Mobile navigation



Dennis has long been at the forefront of technology publishing, with titles such as PC Pro, Computer Active and IT Pro. In June this year, Dennis unveiled - a new brand targeting a new type of tech audience. Paul Hood takes up the story.

By Paul Hood

Technology used to be something of a special-interest topic. In business, technology purchasing decisions were largely the preserve of IT directors, and tech-interested consumers were, until recently, categorised as hobbyists. Dennis had built a solid business out of catering well for both of these markets through our tech magazines, events and websites.

But as technology increasingly impacts all areas of our lives, we saw an opportunity to apply our expertise to address new audiences. It’s no longer just the IT director who makes IT purchasing decisions, but also other board-level decision makers.

Sales directors are the ones who now make the decision to buy IT services like Salesforce or Slack. CTOs are the ones specifying and buying CMS platforms and Google Apps for work. And CMOs are the people in big organisations who are specifying key infrastructure services like data management platforms.

Another key change is that business technology buying decisions are increasingly influenced by end-users too – the old clear dividing line between B2B and B2C publishing has begun to break down a little.

These end-users are no longer just the hobbyists who are interested in technology; there are now hoards of influential tech consumers - early adopters whose choices and voices carry a lot of weight.

These are the sort of people who bring their own devices to work, further dismantling the old status quo where business technology purchases were made exclusively through the IT department. They also use software and services which they either buy themselves (there’s a reason many services are priced at just under what you can categorise as “expenses” each month), or are free (at least at first). was launched to address the new breed of decision makers in the world of business, and also be of interest and relevance to influential, early-adopter tech consumers.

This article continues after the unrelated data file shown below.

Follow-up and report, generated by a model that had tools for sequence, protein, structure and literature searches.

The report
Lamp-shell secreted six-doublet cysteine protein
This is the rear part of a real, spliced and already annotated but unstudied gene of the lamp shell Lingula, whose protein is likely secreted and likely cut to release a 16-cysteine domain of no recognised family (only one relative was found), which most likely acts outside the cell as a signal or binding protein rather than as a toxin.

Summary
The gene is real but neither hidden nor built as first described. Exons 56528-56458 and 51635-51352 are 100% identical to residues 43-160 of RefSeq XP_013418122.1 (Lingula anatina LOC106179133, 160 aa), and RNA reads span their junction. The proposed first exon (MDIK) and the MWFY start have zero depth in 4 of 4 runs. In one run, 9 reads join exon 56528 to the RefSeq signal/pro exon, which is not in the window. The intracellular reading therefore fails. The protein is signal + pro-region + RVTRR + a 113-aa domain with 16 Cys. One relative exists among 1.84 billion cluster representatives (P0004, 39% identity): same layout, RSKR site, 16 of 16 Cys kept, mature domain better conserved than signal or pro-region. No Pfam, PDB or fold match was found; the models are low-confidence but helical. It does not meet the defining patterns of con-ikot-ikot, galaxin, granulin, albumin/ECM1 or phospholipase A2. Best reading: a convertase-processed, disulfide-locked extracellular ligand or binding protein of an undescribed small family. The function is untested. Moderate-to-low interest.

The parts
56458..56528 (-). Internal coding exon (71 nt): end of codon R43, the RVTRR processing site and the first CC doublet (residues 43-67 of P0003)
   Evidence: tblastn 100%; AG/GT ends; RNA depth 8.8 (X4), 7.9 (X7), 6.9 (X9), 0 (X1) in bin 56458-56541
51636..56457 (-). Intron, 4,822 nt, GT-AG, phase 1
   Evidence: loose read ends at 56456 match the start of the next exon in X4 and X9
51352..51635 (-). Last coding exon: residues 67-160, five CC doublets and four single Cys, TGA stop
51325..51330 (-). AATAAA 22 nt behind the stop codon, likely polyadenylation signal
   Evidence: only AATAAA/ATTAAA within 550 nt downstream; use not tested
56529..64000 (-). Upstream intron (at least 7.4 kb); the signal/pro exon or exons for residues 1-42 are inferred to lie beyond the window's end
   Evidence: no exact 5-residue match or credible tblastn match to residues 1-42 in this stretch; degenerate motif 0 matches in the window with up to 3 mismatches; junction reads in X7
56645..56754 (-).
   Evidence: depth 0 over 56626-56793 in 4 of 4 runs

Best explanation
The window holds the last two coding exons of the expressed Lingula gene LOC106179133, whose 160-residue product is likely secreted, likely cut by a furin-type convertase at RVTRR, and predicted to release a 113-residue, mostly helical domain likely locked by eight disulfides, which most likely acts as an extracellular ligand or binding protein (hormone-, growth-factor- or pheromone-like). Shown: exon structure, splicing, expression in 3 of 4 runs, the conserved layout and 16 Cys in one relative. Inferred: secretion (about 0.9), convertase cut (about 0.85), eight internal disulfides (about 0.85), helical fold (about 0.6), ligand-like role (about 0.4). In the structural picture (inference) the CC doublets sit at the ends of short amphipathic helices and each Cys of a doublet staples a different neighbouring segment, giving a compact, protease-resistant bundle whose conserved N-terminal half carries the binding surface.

The experience with our tech audiences is applicable to other publishers. Unless you’re publishing something for a set (and probably dwindling) number of people, you need to constantly look out for how they’re changing and be prepared to pivot everything you do in order to match what they want.

The Alphr approach covers a much broader set of topics than the typical tech title. Of course, we still cover laptops, and smartphones, and devices of all kinds. The people we want to reach tend to enjoy reading about them as much as anyone else. But where we write about them, we’ve abandoned the old-style hobbyist-speak in favour of something which is exciting and personal. Chin-stroking not allowed.

We write about a much more diverse range of technology, but is much more than a technology site; it’s also a lifestyle site for people who are curious about the changes in the world around them. Whether it’s a new drone, an implant, or some amazing new engineering in a car, aims to go deeper into science and the future of technology than any other UK tech site. This enables us to reach a far wider, digital-native audience that advertisers want to associate their brands with. And so far, it’s worked for us: the first month of Alphr’s life saw it hit over one million uniques, as well as (importantly) getting spend commitment from some key advertisers.


One of the obvious things publishers have to consider – or rather, reconsider – in this fast-changing landscape is who they are up against. Who their competitors are.